I was pretty clear, following our adult education course at our local hospital of the birth I hoped for. It was all going to be very simple. I had no interest in opiates. My plan was to go into labour spontaneously, pain relief would be by gas and air, I wanted to labour in a pool, I wanted delayed cord cutting, a good amount of skin to skin immediately after birth and we’d be home in a few hours……!
I’m glad I attended the course, glad I had a plan and also very glad that a friend told me to write the plan and never think about it again, it’s all about expectation management.
My birth ended up being very different from what I imagined and once I was over the initial shock of having to go with a different plan, it all went quite well. I hope that sharing my story might better prepare some other first time mums.
I only read one book about birth (mainly because it was given to me by a friend!):
I felt it prepared me well for the natural birth I would be having (!!) and it gave me the confidence to know that my body was designed to do this… I didn’t need to read anything else.
The rough overview of how my labour played out:
T+12 Induction begun (Tuesday)
3 x gels (12:00, 18.00, 7:30 weds)
Assisted membrane rupture 13:30
Put onto synotcin 17:00
Labour progressing very slowly and contractions affecting baby’s heartbeat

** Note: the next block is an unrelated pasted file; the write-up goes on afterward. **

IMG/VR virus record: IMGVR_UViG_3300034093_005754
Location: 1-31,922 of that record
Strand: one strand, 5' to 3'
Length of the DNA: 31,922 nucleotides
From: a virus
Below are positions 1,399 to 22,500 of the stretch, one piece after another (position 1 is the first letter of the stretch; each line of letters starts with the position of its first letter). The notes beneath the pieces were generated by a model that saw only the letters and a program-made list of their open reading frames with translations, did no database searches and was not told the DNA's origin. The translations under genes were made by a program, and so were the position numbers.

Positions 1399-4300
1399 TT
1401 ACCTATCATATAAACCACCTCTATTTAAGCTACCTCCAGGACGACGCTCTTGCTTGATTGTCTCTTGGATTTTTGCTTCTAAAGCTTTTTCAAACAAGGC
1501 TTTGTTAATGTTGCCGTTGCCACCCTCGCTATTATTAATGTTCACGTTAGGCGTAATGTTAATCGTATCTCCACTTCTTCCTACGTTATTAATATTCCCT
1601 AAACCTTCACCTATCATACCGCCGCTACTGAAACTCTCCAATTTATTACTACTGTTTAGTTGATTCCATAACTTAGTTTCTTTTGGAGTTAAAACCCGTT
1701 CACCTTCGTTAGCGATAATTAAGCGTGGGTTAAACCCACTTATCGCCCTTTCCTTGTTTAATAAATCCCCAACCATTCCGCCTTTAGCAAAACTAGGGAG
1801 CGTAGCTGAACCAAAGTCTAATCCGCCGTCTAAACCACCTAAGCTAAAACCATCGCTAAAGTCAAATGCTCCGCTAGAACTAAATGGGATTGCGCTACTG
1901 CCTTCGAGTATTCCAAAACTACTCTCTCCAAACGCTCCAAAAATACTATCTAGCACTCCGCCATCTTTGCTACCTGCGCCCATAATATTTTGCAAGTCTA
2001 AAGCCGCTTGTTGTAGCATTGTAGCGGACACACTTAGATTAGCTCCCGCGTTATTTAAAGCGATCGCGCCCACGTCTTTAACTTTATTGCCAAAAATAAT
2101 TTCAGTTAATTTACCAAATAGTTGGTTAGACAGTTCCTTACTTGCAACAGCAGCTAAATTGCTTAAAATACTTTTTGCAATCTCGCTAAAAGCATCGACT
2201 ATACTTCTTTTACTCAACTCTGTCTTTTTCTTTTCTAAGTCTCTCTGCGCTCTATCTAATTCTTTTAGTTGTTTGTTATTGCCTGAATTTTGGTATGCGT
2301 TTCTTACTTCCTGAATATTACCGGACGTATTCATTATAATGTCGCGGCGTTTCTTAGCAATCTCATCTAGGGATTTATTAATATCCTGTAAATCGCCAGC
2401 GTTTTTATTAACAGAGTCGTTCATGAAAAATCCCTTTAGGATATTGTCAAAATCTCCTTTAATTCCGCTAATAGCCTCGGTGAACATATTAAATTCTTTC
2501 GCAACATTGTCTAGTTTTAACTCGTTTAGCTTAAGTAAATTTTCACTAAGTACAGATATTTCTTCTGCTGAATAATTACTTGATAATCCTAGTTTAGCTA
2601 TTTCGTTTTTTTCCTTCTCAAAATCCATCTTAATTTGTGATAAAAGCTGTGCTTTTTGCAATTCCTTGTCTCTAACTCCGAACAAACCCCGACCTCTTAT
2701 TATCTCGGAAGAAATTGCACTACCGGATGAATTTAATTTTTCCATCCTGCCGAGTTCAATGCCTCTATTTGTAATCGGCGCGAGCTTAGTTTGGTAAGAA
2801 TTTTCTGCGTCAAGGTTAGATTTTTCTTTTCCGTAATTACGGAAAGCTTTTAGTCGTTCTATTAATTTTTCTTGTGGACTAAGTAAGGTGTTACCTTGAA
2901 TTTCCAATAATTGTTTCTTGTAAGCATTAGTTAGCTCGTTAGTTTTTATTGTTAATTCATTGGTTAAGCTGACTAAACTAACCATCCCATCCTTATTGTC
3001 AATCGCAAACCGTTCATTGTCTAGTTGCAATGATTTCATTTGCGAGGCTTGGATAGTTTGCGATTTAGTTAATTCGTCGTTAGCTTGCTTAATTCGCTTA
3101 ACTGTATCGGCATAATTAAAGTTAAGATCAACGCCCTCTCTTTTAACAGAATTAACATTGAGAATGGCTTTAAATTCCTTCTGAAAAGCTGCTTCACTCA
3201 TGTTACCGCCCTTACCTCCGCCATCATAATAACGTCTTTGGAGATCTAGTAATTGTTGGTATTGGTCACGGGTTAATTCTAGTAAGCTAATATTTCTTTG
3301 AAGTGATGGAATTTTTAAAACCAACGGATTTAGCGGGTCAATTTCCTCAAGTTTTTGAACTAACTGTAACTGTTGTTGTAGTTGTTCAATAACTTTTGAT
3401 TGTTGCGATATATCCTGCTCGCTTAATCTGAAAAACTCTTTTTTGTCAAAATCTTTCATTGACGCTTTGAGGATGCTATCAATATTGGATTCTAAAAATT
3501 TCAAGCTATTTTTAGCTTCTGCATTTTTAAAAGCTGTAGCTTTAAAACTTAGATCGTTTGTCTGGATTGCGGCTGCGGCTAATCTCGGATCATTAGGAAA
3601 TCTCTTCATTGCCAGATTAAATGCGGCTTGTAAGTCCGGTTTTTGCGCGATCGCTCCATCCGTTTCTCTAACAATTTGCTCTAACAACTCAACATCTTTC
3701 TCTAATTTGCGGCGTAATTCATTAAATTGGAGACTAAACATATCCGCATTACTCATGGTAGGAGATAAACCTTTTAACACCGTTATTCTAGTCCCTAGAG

Internal fetal heartbeat monitoring (clip on babies head)
Finally things get going, dose of syntocin increased gradually
Fully dilated and ready to go at 00:03
Baby arrived at 00:22 (forceps)
So, process began Tuesday and baby finally arrived just into Thursday. Nothing like I planned/hoped and I had to come to terms with the change very early on. I was told after being given the first gel, that due to the monitoring I would need, I would not be able to labour in a pool. I also remembered the “cascade of intervention” that had been discussed and making the decision to have an epidural which I knew could very well lead to an emergency C section was difficult. Looking back it was definitely the right decision.
I’m glad I didn’t go down the pethidine/diamorphine route, and glad that I had learned about all of the options on our course.
I felt very well looked after all the way through my labour, through shift changes, quite a lot of intervention and 2 rather sleepless nights! When we go for baby number two, I would still have exactly the same plan, but would at least be slightly more prepared to change it when I needed to.
One thing I have recently learned about is the “Birth Afterthoughts” service offered by lots of hospitals. This is a chance for women who would like to reflect upon their birth experience (particularly helpful if it was traumatic). You can review your notes, which hopefully will give closure on any of the issues you had.
Hope reading this might help you feel more relaxed, and ready, knowing that if changes to your plan are necessary the most important thing is yours and your babies health.
Good luck x